The Christie Point Apartments on Craigowan Road currently offer a range of suites and configurations in a gated-style community built on the narrow strip of land jutting into Portage Inlet. The owners of the 1960s era development, which currently includes 161 rental homes, are proposing a complete redevelopment of the 15.8-acre property that calls for 473 rental units in seven building sections. (Don Descoteau/News Gazette staff)

Christie Point redevelopment clears another hurdle

Council votes 3-2 to move project forward

The Christie Point redevelopment proposal cleared another hurdle at Tuesday’s View Royal council meeting and residents were visibly upset at the decision.

After council voted 3-2 in favour of the rezoning application, the majority of residents in the packed chambers stormed out of the meeting, some directing a few choice profanities at council.

One resident brazenly shouted “see you at the polls” and called Mayor David Screech a loser.

After being asked to kiss a certain body part, the mayor replied “get the hell out.”

The decision to approve third reading for a bylaw amendment that would pave the way for the Christie Point redevelopment proposal came after a short discussion, where each of the council members expressed their own opinions on the overall scope of the project.

“I know people are concerned about a lack of a 15 metre set back … [but] there’s also a number of [environmental] flaws on the site the developer will have to fix if this gets approved,” noted Coun. Ron Mattson, adding that overall the environmental impact of this project will be positive.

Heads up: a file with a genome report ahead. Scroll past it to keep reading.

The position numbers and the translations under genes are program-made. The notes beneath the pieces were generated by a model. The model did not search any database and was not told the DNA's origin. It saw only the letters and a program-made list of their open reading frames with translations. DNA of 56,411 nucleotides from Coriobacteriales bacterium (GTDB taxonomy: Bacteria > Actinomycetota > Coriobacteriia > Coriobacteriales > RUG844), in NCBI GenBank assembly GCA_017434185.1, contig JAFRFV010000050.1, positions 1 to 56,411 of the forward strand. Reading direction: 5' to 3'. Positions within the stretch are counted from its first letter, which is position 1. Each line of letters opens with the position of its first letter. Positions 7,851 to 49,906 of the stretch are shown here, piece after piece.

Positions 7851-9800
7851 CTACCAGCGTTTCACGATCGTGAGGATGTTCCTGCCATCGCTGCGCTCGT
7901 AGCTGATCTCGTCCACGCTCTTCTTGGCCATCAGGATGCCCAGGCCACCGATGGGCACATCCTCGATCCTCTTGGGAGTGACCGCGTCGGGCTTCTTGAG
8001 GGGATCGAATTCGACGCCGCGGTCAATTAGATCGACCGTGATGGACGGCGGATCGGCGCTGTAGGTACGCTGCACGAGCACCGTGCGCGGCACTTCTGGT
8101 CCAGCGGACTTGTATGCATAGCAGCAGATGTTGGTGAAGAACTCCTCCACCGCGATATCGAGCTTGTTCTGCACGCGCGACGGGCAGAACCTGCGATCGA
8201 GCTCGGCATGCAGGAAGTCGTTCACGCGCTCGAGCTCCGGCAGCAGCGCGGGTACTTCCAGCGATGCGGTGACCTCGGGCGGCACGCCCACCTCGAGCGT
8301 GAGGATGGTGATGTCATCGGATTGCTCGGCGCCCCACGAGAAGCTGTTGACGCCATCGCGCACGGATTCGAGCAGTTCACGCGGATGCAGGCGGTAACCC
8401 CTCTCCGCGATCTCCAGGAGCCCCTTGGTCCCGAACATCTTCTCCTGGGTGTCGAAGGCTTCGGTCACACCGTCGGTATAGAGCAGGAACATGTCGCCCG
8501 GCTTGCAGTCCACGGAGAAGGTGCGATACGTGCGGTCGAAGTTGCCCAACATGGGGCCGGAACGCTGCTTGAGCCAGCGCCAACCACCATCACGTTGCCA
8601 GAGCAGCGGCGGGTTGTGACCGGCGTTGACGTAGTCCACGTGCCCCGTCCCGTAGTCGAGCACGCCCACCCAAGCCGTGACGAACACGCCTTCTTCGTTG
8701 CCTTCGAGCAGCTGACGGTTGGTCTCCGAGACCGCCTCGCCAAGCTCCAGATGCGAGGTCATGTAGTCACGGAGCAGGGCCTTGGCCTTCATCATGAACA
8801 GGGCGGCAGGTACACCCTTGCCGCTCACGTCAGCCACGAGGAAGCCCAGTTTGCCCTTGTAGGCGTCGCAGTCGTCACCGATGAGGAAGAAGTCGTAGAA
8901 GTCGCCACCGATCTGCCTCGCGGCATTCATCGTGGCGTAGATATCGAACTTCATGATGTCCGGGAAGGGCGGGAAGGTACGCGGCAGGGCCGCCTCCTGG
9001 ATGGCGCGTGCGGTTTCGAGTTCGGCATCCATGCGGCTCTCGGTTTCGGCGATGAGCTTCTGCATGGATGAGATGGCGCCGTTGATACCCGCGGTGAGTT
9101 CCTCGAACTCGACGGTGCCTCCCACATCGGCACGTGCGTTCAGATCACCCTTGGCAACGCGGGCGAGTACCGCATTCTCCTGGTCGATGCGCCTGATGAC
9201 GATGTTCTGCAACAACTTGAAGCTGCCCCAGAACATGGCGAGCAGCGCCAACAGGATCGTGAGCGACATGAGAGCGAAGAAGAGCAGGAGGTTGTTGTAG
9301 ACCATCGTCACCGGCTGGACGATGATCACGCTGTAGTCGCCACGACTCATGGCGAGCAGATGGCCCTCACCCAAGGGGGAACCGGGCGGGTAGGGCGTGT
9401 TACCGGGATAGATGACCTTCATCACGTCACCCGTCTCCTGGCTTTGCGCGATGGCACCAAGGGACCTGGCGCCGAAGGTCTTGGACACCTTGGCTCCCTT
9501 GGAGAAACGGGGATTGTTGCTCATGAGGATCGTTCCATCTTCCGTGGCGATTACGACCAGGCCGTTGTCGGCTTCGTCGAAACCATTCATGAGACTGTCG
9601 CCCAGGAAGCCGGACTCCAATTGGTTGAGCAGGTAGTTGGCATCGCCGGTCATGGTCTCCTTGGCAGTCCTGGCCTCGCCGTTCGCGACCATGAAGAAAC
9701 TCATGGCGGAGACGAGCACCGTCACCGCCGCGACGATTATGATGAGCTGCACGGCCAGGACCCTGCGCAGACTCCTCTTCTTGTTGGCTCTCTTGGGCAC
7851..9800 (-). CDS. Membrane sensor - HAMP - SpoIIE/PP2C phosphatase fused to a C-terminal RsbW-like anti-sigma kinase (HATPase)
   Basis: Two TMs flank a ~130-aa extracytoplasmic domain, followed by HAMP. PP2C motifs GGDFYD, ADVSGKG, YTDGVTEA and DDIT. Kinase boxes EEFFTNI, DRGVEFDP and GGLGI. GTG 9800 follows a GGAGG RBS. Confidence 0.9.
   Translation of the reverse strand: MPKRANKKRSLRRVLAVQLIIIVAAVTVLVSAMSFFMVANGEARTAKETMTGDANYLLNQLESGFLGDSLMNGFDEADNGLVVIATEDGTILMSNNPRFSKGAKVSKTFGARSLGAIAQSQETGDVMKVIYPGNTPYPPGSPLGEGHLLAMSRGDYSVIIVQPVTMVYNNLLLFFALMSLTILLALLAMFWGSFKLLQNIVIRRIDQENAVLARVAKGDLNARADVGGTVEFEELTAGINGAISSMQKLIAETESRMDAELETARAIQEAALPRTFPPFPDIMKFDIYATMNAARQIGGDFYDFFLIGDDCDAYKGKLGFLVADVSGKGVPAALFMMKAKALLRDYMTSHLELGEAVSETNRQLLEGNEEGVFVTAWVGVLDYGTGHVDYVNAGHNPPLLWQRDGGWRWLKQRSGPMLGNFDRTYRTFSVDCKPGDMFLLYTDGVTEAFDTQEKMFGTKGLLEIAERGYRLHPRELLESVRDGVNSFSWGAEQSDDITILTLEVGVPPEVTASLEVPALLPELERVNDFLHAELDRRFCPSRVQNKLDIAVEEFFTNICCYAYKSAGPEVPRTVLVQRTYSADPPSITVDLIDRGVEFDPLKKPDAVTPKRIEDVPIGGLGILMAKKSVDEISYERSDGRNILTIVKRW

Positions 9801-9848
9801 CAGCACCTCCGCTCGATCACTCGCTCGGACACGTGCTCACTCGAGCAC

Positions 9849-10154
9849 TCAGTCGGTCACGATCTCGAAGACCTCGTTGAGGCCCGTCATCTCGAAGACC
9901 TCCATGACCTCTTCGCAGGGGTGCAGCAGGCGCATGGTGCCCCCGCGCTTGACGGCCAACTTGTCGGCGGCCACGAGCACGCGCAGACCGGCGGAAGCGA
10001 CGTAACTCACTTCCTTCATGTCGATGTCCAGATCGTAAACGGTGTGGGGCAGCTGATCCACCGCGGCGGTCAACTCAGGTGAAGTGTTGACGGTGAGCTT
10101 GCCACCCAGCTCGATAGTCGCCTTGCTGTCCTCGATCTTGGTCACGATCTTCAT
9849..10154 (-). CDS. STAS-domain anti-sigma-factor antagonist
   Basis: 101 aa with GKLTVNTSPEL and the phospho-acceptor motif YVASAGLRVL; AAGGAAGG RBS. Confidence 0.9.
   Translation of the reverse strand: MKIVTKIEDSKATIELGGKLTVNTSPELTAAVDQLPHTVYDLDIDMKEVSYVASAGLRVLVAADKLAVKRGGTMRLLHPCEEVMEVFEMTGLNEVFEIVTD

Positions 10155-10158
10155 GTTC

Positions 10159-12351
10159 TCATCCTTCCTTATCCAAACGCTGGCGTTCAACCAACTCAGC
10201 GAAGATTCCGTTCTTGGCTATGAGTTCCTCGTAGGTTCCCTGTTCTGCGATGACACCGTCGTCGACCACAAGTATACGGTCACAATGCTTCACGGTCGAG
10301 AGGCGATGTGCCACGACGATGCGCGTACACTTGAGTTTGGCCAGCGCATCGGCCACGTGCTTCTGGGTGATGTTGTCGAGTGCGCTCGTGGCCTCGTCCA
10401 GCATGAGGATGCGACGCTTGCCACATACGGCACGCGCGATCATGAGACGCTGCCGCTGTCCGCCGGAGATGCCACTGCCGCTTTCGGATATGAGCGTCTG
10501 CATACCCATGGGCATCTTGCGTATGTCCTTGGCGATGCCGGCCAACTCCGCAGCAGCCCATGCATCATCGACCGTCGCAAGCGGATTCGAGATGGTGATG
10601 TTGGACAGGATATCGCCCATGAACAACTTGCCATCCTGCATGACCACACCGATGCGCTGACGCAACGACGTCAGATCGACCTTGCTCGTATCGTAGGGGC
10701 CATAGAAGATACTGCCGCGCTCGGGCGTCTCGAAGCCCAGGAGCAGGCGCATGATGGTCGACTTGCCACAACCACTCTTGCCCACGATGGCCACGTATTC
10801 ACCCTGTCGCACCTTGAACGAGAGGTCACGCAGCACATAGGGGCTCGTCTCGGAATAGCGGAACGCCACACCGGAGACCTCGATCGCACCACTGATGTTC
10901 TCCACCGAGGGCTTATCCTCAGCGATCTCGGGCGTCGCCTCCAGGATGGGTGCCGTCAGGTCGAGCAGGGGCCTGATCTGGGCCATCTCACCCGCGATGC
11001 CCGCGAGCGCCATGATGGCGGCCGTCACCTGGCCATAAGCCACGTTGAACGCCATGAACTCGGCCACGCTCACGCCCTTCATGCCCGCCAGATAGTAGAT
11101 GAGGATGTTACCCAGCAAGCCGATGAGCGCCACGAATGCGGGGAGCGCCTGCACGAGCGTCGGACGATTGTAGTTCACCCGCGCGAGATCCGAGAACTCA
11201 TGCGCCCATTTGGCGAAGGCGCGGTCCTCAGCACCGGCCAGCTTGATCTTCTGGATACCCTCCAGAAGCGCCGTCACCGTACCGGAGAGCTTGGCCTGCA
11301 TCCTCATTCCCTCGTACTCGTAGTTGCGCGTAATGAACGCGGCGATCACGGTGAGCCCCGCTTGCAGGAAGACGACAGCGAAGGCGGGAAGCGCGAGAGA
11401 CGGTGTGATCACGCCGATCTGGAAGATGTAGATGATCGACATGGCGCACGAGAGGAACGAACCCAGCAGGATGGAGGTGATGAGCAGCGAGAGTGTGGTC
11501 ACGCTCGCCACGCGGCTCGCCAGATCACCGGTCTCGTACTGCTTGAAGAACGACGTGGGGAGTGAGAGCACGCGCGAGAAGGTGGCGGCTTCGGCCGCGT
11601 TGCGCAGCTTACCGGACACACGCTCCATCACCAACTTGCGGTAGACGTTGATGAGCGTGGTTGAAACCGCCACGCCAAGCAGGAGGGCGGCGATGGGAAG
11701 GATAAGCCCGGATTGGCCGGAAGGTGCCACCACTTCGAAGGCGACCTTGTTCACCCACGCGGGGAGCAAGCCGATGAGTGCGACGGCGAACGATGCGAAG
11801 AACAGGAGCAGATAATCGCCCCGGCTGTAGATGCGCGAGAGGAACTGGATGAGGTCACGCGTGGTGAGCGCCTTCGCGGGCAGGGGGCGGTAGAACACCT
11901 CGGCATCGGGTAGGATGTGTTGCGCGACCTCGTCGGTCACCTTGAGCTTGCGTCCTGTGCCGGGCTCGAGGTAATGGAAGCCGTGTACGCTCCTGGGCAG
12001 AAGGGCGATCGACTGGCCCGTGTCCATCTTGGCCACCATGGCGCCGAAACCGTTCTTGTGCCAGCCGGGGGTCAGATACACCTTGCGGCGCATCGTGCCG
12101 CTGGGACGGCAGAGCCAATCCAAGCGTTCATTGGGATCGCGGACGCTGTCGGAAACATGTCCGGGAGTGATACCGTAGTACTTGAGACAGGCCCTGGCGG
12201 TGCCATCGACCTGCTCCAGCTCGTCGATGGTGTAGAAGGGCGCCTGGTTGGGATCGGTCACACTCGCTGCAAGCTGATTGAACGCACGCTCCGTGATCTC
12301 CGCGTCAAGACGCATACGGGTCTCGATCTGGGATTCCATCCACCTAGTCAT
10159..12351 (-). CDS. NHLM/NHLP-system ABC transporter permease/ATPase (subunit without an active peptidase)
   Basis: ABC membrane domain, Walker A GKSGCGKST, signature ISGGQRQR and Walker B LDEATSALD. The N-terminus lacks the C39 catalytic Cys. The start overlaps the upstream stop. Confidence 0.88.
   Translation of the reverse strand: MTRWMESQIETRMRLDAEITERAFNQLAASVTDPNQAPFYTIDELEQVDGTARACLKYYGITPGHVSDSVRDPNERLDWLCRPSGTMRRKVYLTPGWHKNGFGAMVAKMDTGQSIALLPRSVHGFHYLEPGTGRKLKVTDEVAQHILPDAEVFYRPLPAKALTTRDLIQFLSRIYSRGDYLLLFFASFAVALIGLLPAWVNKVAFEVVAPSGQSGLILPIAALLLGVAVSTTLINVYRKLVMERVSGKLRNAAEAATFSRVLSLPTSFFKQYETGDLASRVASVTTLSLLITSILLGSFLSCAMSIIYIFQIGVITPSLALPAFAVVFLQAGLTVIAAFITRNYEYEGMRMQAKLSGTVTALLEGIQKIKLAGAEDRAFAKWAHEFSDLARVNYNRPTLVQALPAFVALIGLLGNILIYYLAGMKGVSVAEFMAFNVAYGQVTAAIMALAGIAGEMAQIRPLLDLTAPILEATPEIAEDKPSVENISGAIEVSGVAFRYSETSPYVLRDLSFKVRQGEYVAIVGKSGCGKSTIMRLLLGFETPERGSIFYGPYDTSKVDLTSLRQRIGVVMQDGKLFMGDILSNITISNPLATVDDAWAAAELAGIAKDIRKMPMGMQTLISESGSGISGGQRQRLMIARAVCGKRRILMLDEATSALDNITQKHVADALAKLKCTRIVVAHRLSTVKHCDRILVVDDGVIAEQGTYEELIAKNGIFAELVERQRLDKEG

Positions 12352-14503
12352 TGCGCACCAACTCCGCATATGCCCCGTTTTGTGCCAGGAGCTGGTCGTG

However, he did acknowledge the buildings would be significantly higher than they are now, negatively impacting the view.

The approximately $200 million redevelopment proposal for the 15.8 acre peninsula, which would see roughly 470 new units built on the existing foundation in two four-storey buildings and six six-storey buildings, has been met with mixed reviews during the public consultation process. Those units would replace the existing 161 units in two storey buildings.

“We had to do something and I feel this is probably the best deal that I as a councillor could get for residents and still have the project viable,” Mattson said. “To be able to have some protections for 20 per cent of the existing families was quite important.”

Coun. Aaron Weisgerber said that with the changes and clarifications he was pleased with the proposal.

However, Coun. Heidi Rast noted that her main concerns – height and density – had not been addressed to her satisfaction.

Coun. John Rogers echoed those concerns. “The six storey height is not consistent with the ambiance and the character,” he said. “I was struck by how many people referred to it as View Royal’s jewel … Frankly such heights could turn View Royal’s jewel into View Royal’s eyesore.”

Rogers was also concerned rising sea levels could cause long term problems for the site, especially with buildings and partially below grade parking within the 15 metre high tide set back.

Ultimately, it came down to Screech to break the tie. “I know it’s been a tough haul,” he said. “I really do feel from where we started to where we are now … it’s far improved.”

He noted other housing developments in the town will be hitting the market while this phased redevelopment takes place, helping to alleviate some of the housing crunch for tenants.

“I also feel there’s going to be a net gain to the environment,” he added.

katie@goldstreamgazette.com

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